R.J. Cutler doc will premiere on Showtime this spring
I found the film to be informative and compulsively infuriating in intriguing ways. And in the 15 minutes I chatted with Cutler -- that interview will run closer to the Showtime premiere -- it became very, very, very clear that the fascination I felt with "The World According to Dick Cheney" wasn't, in any particular way, in synch with Cutler's perception of his own movie. This doesn't bother me. An artist creates work and puts it out there for interpretation. I've often interviewed filmmakers about projects I actively disliked and that they thought were brilliant, or at least they professed to at the time. This isn't that sort of thing. In fact, I mostly mention the discordance here because it's somewhat less frequent that I get into disagreements with filmmakers over the nature of something that I quite liked.
Realistically, "The World According to Dick Cheney" is, as you might guess, designed to be a litmus test sorta movie and many reactions are going to hinge on your position on the political spectrum and your interpretation of what Cutler was or wasn't able to get from Dick Cheney.
I rewatched "The World According to Dick Cheney" at its premiere on Friday (January 19) afternoon at the Sundance
Film Festival and even watching with Cutler's words in my head -- not necessarily something a critic should normally try to do -- I came away with my opinion -- still positive -- and my perception still intact.
Your perception, like R.J. Cutler's perception, may vary. [Note that Greg Finton is also credited as director on "The World According to Dick Cheney," though it's still called "an R.J. Cutler film."]
Full review after the break...
Dick Cheney has been in a forthcoming mood lately. In addition to submitting to a series of interviews with Cutler for this project, he also went on the record for Discovery's upcoming "The Presidents' Gatekeepers."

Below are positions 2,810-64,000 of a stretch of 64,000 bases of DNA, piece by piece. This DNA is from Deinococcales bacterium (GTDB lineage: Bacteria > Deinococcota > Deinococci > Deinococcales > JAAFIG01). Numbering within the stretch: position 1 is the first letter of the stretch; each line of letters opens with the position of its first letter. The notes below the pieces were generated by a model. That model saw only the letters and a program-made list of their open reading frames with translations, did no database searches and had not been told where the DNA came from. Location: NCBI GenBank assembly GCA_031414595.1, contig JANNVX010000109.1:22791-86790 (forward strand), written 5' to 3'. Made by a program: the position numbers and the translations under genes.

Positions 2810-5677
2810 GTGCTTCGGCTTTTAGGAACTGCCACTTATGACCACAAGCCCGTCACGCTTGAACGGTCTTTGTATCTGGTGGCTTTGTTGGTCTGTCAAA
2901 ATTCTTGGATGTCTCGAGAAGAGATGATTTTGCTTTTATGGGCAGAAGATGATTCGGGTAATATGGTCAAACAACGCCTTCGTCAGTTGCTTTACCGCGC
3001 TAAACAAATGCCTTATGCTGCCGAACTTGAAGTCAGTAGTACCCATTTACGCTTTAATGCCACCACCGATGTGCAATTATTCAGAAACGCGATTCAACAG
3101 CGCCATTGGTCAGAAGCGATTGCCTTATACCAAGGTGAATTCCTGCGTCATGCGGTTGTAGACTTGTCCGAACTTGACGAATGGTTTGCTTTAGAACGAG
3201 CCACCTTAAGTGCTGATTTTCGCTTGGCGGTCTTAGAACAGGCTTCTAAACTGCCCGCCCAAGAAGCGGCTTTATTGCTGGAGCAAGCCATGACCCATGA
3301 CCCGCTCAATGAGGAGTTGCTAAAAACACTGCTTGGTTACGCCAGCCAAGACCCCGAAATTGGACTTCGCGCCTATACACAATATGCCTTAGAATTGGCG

Or maybe Cheney has just been in an accommodating mood. "Forthcoming" isn't exactly the right word to use, since Cheney has never exactly been a shrinking violet when it came to getting his opinion on the record and Cheney has never been one to shift in the breeze. What Dick Cheney thinks is what Dick Cheney thinks and you've probably formed a solid opinion on him as a result. Few figures in politics have been more polarizing or more powerful and his level of perpetual certitude never wavered, whether he was making public appearances or on "Meet the Press."
And it isn't wavering in "The World According to Dick Cheney." This is not a "Fog of War"-style documentary about an aging man experiencing retrospection and reconsideration. Nor does it intend to be. Robert McNamara and Dick Cheney are not especially similar people.
For a brief moment, though, some viewers will be fooled into thinking that "The World According to Dick Cheney" finds the former Vice President ready to show himself in a different light.
Cutler opens the documentary with Cheney not quite in repose, but certainly with his guard down. Culled from pre-interview footage, we see Cheney sipping coffee and inquiring about technical aspects of the conversation. Cutler then warms Cheney up with a series of general questions meant to draw him out. We learn that Cheney's favorite food is spaghetti, that his favorite virtue is "integrity" and, when asked to evaluate his greatest fault, Cheney replies, "I don't spend a lot of time thinking about my faults, would be the answer." We then cut to casual Dick Cheney going on his first fishing trip since his heart transplant. We see his hands shaking as he baits his hook and I confess that my mind went to a favorite "Simpsons" quote as an art critic examines Marge's unflattering portrait of Mr. Burns and declares, "He's bad, but he'll die. So I like it." [That's not to say that Dick Cheney's death would make me happy or that I've invested much thought in that fate. It's to note how in artistic representation, signs of weakness can often tame the wildest of beasts.]
That's not what "The World According to Dick Cheney" is. I referred to the doc opening with Cheney's "guard down," but that implies that once the interviews are rolling and Dick Cheney is back to looking like the Dick Cheney you knew and loved/hated, that his guard was "up." That would be an incorrect implication. If any reaction to "The World According to Dick Cheney" is universal, it's likely to be the sense that Dick Cheney means what he says and says what he means. It's all very matter-of-fact.
As Cheney puts it, "The world is as you find it. You've gotta deal with that."